Marijuana dominated at the ballot box this year. Voters in nine states voted on marijuana legalization measures yesterday: five on proposals to legalize recreational marijuana, and four on medical marijuana measures. While Arizona voters chose not to legalize recreational marijuana, California, Massachusetts and Nevada all passed recreational legalization measures (Maine is too close to call). And all of the states with an option to approve medical marijuana took it: Medical marijuana is now also legal in Arkansas, Florida, Montana and North Dakota — which means that more than half the country has approved MMJ.
Search Results: ballot (712)
Dear Stoner: Does the pot-smoking measure have a chance in November? What will it do?
Dear Hopeful: Although “Responsible Use Denver” — the NORML proposal to allow licensing for private marijuana clubs and special events — fell short of the 4,726 valid signatures needed to make the ballot, the Neighborhood Supported Cannabis Consumption Pilot Program submitted more than 10,000, which gives you an idea of its popularity. If passed, the measure would allow regular businesses to have private pot-consumption areas. First, though, a business would have to apply to its presiding neighborhood or local business organization and work out a good-neighbor plan, just as bars have done in some areas. (Remember, Amendment 64 was sold as treating pot like alcohol.)
Update: Only days after the Denver NORML-sponsored Denver Responsible Use Initiative fell short of qualifying for the November ballot, the Denver Elections Division announced that the Neighborhood Supported Cannabis Consumption Pilot Program has passed muster.
Denver voters will now have a chance to weigh in about the proposal, which will allow marijuana use in social settings — specifically selected bars and restaurants in the Mile High City, as outlined in our previous coverage below.
Update: The Denver Responsible Use Initiative, a Denver NORML-backed proposal intended to create venues for the social consumption of cannabis in the Mile High City, fell short of qualifying for the November ballot — and attorney Judd Golden, who was both the author of the initiative and one of its primary proponents, has a major takeaway from the experience.
Update: In July, supporters of the Neighborhood Supported Cannabis Consumption Pilot Program, which would allow the social use of marijuana at participating businesses in Denver, began collecting signatures to get their proposal on the Denver ballot in November; see our previous coverage below.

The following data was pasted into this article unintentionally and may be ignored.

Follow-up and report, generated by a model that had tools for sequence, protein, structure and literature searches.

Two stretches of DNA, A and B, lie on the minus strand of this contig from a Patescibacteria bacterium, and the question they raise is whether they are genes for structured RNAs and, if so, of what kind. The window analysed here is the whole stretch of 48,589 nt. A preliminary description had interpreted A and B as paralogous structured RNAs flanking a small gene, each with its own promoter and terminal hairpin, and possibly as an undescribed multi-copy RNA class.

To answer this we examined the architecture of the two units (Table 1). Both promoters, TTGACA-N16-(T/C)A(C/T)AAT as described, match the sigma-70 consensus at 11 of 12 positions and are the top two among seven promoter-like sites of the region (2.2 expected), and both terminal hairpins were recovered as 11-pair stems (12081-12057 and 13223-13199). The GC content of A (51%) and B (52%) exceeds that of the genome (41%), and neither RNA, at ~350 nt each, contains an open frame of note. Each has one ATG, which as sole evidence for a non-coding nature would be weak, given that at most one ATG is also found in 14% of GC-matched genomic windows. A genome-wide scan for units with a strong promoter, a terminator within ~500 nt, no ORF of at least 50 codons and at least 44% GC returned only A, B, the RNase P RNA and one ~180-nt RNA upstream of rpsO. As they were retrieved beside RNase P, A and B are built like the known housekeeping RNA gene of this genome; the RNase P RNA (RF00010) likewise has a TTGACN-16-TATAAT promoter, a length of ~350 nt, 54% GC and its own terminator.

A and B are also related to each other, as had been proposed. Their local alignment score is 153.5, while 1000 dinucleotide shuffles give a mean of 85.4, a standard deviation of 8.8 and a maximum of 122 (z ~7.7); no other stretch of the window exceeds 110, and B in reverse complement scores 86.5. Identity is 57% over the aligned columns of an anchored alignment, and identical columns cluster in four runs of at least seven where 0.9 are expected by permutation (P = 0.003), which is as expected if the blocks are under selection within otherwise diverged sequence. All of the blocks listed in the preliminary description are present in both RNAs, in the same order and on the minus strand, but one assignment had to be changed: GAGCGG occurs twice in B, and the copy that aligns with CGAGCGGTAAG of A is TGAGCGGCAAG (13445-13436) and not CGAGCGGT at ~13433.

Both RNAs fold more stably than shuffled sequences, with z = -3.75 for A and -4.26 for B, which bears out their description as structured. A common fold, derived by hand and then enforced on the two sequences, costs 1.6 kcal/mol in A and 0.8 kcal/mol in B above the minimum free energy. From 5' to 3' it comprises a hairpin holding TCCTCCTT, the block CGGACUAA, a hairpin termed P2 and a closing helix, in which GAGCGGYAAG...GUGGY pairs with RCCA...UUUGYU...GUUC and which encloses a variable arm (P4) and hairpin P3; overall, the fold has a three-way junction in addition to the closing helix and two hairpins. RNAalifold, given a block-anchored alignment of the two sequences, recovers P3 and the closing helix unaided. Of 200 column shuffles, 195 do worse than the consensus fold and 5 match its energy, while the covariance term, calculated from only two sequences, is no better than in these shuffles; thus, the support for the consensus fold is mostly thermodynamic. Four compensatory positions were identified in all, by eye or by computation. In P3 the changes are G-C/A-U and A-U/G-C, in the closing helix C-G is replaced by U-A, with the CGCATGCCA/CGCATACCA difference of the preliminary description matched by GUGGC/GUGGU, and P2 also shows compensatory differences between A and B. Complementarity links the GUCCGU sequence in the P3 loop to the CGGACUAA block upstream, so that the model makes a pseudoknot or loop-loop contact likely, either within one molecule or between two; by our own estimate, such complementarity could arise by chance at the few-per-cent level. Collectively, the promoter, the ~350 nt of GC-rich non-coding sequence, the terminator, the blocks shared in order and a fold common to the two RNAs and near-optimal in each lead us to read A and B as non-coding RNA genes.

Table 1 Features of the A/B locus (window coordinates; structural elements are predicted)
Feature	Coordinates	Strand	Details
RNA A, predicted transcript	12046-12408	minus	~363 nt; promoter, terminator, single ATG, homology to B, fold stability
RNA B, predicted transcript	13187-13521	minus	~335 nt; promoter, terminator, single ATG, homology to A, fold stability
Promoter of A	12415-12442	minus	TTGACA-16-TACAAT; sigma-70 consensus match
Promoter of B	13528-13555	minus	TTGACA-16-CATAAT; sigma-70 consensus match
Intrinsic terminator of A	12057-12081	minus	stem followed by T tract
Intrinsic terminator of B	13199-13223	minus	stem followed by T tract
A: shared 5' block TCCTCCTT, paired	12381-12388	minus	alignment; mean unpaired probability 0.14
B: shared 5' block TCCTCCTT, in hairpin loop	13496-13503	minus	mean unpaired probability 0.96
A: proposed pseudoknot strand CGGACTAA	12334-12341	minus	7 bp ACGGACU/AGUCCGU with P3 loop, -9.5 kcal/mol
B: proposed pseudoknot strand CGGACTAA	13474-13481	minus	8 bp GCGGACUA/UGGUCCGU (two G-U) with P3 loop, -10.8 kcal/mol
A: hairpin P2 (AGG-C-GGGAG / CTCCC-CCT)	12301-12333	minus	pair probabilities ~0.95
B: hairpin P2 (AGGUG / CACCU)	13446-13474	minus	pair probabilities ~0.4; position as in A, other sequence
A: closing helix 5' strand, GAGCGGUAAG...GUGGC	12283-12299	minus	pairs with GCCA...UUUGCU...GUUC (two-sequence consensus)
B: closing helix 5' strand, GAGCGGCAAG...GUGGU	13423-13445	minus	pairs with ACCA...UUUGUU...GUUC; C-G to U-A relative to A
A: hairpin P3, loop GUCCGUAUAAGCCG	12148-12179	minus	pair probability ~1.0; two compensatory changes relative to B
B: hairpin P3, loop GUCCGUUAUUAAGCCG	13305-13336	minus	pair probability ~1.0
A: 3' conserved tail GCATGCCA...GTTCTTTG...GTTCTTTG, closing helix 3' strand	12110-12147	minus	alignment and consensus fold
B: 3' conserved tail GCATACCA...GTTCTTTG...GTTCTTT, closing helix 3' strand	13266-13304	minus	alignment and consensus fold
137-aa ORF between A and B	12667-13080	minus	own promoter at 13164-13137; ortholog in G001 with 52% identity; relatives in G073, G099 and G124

The results of these efforts, which spanned a period of less than a month, will be touted at a press conference this morning.
According to the campaign, more than 10,800 signatures will be submitted to the Denver Elections Division — more than double the 4,726 required to qualify for the ballot.
An initiative that asks if you want to legalize marijuana for everyone 21 and older in California is headed for the November ballot.
The office of Secretary of State Alex Padilla yesterday listed the measure known as the Adult Use of Marijuana Act (AUMA) as eligible for the ballot.
Supporters of a measure that would legalize limited amounts of cannabis for adults 21 and up in Nevada have collected nearly twice the required amounts of signatures needed to get their measure on the ballot in 2016.
They’ll submit the signatures later today, joined by Democratic state Sen. Richard Segerblom, who has tried several times to get legalization measures passed by the state legislature.
|From KJCT coverage.|
Last week, Manitou Springs, Colorado voters approved recreational marijuana sales in their town, while residents of other communities turned thumbs-down. The folks in Palisade, on Colorado’s Western Slope, are somewhere in-between on the issue, at least for now. A recreational-pot measure appeared to narrowly lose, but that result could be reversed depending on what happens with eighteen disputed ballots. Photos, video and details below.
Missouri has taken the first step toward putting legal marijuana on the 2016 ballot.
As we reported Monday, Show-Me Cannabis planned to file the paperwork this week to put an initiative on the November 2016 ballot. On Thursday, the Secretary of State’s office announced that the group submitted an initiative petition to amend the Missouri Constitution to allow for the sale and use of marijuana.
Dan Viets, chairman of Show-Me Cannabis and a criminal defense lawyer in Columbia, filed the official petition to Secretary of State Jason Kander’s office just two days after the end of a midterm election cycle — when two more states and Washington, D.C., voted to legalize recreational marijuana use.